The acclaimed comedy star passed away in April 2016, after being diagnosed with terminal cancer in late 2015, but a new autobiography has revealed she was determined to keep her health issues a secret from everyone, apart from a few close friends and family.
Grace, Victoria’s daughter, said: “She shared what she had to but, given the choice, I think she’d have shared none of it.”
The TV star delayed one procedure to compere the London Jazz Festival and even though she missed a couple of award shows, she told Grace she didn’t want people speculating about her health.
She said: “I don’t want rumours spreading that I’m at death’s door.”
The ‘Dinnerladies’ actress complained that her cancer treatment was “boring”, and she chose to attend hospital appointments alone.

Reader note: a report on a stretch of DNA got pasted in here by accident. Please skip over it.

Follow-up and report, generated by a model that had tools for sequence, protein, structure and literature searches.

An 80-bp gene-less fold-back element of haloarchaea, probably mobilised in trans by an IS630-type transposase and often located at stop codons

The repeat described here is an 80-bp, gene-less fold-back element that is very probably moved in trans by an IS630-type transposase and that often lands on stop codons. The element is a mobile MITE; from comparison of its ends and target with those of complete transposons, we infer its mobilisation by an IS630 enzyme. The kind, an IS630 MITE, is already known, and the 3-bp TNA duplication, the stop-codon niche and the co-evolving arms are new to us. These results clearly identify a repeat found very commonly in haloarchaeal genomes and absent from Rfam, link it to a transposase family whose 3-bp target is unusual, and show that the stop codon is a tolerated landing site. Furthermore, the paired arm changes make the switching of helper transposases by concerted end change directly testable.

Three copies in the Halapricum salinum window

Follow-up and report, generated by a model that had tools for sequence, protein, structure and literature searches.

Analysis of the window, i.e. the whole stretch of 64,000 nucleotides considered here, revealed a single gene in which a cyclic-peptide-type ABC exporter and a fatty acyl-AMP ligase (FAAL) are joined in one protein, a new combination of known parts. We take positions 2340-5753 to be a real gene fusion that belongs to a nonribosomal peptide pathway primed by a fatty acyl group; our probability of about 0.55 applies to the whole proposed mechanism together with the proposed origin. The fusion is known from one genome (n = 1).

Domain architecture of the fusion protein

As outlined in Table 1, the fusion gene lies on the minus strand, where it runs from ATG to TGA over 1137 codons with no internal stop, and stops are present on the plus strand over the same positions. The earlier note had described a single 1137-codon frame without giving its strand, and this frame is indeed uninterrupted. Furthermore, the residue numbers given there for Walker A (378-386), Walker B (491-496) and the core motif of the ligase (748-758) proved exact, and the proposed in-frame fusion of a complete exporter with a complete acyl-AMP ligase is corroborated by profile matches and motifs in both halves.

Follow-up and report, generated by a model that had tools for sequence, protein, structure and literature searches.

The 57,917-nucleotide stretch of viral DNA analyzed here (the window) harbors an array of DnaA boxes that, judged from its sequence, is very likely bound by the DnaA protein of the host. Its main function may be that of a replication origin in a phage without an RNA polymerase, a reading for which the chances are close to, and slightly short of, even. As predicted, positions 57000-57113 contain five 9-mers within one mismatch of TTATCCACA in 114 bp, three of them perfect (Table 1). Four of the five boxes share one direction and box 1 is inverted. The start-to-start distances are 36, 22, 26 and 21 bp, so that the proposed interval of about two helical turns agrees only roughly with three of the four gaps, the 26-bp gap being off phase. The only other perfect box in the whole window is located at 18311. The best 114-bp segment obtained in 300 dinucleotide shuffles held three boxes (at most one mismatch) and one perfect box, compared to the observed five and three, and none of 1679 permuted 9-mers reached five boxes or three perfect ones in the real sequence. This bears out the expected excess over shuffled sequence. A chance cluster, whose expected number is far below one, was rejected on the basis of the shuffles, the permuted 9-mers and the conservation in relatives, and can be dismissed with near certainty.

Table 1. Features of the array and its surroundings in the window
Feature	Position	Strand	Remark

Speaking to TV writer Peter Bowker, she explained: “I can’t be bothered to put a good face on it and be jolly.”
In ‘Let’s Do It’, it’s explained that Victoria was rushed to hospital with a blood clot in her leg shortly before her radiotherapy was due to end.
And after spending three “hellish” weeks recovering, she subsequently jumped at the chance to film a documentary about tea in various locations around the world.
Victoria – who died at the age of 62 – told Peter: “I feel I missed the last 12 months with so many hospital palavers. Going to China and India meant getting out of the house.”
Following her death, entertainer Michael Ball hailed Victoria’s influence, describing her as a “trailblazer” for other female comedians.
He said: “She gave inspiration to other women because she wasn’t having to be sexy and rude, although she was all of those things. She was just brilliant. She made it seem to other women, you can do this.”